ATL still a hub for child prostitution Too much staff in DeKalb County? Some question Underground Atlanta’s security Medical College exec pay soars in 5 years
DA probes alleged relationship between judge, public defender Report: Ga. tax laws tough on poor Some members of Congress spend hundreds of thousands on ‘franking’ Bill allows more access to DFCS records
The chemicals BP is using to break up the steady flow of leaking oil fin the Gulf of Mexico could create a new set of environmental problems. BP has deployed an estimate 100,000 gallons to dissolve the crude oil, both on the surface and deep below. Dispersal is considered one of the best ways to protect birds and keep the slick from making landfall. But the chemicals contain harmful toxins of their own and can concentrate leftover oil toxins in the water, where they can kill fish and migrate great distances.
Parents, church & judge told McBerry: ‘Leave the girl alone’ Opinion: Tax break bill betrays lawmakers’ bias Poor stripped of low-income tax credit refund after all E-mail sent out for Cobb candidate draws fire Augusta alters records request policy Dougherty probe finds no evidence of CRCT cheating. Now what?
Property assessment reform clears General Assembly Officer accused in scandalous affair, false arrest Cobb cop charged with cover-up in fellow officer’s drowning Lung Association: ATL among most polluted cities Cheating probe clears Augusta’s Laney High
Death-penalty review still part of Georgia law Builder sues Augusta over bid dispute
Connie Stokes has been an official candidate for Congress for two days, and she already owes herself almost $70,000. That total includes a $42,700 debt carried over from her 2004 run for Congress, plus obligations to pay her for services as campaign manager and campaign consultant and for yard signs, bumper stickers and travel, according to her campaign’s March financial disclosure.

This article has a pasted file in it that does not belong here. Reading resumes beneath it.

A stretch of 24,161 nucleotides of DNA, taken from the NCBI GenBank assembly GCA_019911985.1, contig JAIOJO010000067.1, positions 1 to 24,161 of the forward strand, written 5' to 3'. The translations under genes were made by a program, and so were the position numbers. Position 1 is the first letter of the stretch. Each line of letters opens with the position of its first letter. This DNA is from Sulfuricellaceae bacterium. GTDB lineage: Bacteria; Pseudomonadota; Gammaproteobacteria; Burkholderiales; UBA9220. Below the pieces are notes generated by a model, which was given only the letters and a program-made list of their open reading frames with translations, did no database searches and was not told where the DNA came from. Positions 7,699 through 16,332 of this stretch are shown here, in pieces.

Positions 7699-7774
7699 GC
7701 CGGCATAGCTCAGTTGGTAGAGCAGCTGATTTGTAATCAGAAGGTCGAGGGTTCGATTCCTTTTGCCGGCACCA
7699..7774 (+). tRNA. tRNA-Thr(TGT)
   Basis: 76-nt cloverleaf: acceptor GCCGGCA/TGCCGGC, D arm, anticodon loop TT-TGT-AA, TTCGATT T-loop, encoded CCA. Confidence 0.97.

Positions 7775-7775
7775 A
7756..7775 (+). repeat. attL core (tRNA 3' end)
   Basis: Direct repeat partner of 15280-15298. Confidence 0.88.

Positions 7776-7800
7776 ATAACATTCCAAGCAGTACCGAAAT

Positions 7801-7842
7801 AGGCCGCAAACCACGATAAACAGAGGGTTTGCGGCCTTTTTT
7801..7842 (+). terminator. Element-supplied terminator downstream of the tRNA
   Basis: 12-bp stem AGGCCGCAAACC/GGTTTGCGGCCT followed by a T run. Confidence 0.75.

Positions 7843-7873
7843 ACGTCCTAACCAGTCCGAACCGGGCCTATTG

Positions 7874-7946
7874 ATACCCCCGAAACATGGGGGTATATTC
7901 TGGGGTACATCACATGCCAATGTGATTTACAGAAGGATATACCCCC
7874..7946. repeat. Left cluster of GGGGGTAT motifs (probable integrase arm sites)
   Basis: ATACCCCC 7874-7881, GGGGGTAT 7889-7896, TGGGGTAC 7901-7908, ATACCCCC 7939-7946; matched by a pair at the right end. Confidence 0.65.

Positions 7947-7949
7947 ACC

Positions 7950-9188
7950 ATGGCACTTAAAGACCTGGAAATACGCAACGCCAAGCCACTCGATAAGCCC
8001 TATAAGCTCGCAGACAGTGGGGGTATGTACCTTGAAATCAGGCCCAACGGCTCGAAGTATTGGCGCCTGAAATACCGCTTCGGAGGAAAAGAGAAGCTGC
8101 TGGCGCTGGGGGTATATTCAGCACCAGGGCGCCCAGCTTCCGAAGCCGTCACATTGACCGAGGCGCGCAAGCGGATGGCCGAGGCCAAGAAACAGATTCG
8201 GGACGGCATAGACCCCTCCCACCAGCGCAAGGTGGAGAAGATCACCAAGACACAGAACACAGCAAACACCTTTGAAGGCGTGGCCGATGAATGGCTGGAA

Gwinnett judges choose politically connected probation firm Roswell police have ‘mandatory’ DUI goal Study: DeKalb needs to lay off 909 workers Deal rebuts ethics charges, says state letting dangerous cars back on road
Fulton County’s top judge, Doris L. Downs, has had enough of the tediously long lines to get into the courthouse, and she’s ordered the sheriff to explain why he can’t fix it.
What may be Georgia’s busiest ethics agency is also its smallest. In July, it may get even smaller. With the tiniest of budgets, the Judicial Qualifications Commission makes ends meet by not paying its investigator and lawyers. Now, the Georgia House proposes whacking the JQC’s budget by more than one-third to just $176,000. Legislative leaders say it’s about getting their money’s worth from the commission’s part-time director. And, they say, it’s definitely not about the agency’s charges against a judge from House Speaker David Ralston’s hometown.
Roethlisberger case in trouble from the start Adoptions often profit execs, not families Griffin Circuit judge resigns in wake of sexual harassment claims Federal report critical of immigration detention program Corporate forces ready attack against ‘Citizens United’ legislation